via Thunderclap.

No week 8 video (yet), just a detailed schedule

I don’t think my video introductions have been very effective; I had to cajole folks into watching week 6, and last week’s videos received only 3 views.  The videos have been a bit redundant, tending to elaborate on the schedule, so I am just going to let the week 8 schedule speak for itself.  If you would like to request a video, and request specific elements, I’d be happy to try and produce a more effective and audience-appropriate video later in the week.  If my videos have been helpful, I’d love to hear that too.

Instructions and Tips for Transferring Your WordPress Blog to GoDaddy

I went through this process myself recently when I transferred the WordPress blog I created when I took this class as an undergraduate to GoDaddy. It did take some time, but I enjoyed learning something new. At some points, it took 24-48 hours of waiting for one step to complete. Be sure to give yourselves a few days to complete this task. It is not something you can do in an hour or two. The cost of purchasing the services required to complete this task were approximately as follows:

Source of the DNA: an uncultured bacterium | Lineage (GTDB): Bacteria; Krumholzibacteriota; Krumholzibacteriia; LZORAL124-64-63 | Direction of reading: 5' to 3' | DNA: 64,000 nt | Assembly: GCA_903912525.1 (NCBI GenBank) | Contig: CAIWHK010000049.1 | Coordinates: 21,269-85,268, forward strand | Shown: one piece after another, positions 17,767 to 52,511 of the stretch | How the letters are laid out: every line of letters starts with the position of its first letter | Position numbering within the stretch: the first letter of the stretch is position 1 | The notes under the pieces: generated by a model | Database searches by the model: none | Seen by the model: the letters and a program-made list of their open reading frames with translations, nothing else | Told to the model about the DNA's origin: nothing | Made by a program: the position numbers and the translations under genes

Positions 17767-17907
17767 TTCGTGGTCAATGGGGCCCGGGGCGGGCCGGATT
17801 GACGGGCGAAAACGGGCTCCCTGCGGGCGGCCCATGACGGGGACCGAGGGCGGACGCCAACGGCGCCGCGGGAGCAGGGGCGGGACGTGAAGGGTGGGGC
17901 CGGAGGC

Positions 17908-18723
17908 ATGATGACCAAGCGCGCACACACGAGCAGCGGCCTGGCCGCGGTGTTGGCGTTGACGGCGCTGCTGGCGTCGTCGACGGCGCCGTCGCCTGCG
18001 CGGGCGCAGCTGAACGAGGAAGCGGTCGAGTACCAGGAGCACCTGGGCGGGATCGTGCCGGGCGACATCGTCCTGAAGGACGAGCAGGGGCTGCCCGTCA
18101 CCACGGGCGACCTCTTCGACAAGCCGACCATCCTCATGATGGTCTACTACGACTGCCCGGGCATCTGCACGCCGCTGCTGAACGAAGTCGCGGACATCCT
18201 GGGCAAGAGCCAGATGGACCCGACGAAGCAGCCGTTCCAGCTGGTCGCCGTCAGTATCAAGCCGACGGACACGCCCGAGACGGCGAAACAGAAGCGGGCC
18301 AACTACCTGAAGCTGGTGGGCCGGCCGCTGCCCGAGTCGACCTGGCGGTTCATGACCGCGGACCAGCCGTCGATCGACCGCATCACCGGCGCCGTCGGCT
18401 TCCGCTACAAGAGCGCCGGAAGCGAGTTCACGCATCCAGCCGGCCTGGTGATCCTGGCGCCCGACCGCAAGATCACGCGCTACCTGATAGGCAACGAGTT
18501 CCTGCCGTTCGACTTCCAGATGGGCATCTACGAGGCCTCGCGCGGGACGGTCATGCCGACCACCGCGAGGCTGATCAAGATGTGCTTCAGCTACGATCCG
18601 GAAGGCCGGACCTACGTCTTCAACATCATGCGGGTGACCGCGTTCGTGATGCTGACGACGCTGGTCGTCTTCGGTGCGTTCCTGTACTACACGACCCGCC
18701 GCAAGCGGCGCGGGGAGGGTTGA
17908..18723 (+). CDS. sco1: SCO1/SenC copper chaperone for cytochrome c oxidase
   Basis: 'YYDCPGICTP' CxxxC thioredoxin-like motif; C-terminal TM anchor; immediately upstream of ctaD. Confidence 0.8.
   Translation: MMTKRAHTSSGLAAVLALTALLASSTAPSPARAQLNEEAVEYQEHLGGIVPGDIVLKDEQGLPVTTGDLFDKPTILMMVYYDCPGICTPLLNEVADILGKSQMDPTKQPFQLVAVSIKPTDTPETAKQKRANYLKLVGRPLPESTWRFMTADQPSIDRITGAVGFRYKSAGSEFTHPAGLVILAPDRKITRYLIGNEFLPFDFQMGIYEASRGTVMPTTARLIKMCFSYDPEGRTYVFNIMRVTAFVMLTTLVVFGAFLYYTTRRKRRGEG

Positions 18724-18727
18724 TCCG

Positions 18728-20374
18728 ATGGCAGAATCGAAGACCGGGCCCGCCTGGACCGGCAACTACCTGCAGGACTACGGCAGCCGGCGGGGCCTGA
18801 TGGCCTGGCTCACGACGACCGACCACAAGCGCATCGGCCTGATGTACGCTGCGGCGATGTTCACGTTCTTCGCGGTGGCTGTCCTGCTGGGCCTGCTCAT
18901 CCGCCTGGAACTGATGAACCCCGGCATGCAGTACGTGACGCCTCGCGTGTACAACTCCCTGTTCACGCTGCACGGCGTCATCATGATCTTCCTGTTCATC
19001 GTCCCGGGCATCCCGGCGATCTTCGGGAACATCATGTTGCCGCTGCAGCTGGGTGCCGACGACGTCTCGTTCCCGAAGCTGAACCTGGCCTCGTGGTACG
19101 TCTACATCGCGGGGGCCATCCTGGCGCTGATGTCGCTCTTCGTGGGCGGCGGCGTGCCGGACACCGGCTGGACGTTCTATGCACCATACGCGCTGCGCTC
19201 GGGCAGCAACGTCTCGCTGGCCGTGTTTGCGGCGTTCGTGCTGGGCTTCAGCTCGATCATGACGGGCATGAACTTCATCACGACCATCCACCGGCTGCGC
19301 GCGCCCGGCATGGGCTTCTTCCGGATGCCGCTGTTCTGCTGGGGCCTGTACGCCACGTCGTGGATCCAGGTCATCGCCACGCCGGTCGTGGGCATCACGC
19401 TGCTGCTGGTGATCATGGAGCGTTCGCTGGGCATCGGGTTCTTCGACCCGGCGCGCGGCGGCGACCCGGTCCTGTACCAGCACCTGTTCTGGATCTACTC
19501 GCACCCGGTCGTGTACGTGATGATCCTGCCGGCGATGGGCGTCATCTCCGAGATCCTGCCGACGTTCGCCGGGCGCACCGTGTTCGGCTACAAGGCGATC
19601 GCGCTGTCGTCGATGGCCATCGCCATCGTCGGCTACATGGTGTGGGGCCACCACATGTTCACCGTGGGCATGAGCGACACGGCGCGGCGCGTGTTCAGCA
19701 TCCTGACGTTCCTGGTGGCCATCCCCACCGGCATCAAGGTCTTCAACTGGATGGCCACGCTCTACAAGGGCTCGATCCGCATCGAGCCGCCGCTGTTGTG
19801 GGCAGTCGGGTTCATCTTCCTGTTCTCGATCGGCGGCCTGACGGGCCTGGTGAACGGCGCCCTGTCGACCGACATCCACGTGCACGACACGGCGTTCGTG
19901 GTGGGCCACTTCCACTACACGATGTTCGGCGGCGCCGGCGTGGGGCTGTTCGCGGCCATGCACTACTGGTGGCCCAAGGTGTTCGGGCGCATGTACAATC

$4.74/month for WordPress hosting on GoDaddy = $56.88 for 12 months
$12.99 for a .com domain name OR $9.99 for a .net domain name = $12.99 OR $9.99 for 12 months
Total Approximate Cost: $69.87 for a .com domain name and webhosting service OR $66.87 for a .net domain name and webhosting service

Here are the instructions for completing the process:

  • Purchase a domain name and WordPress hosting from GoDaddy. The video below shows you how to do it. The video also shows how to install WordPress on your new domain. That is another step you will have to complete. In the video, the GoDaddy site might look a little different from the way it currently looks, but you should be able to find all of the buttons you will need to click on. It looks pretty similar to the steps I completed when I signed up for GoDaddy.
    • Begin watching the video at :56. Before that is just an introduction to a video series that this video is a part of. It really isn’t relevant to this class.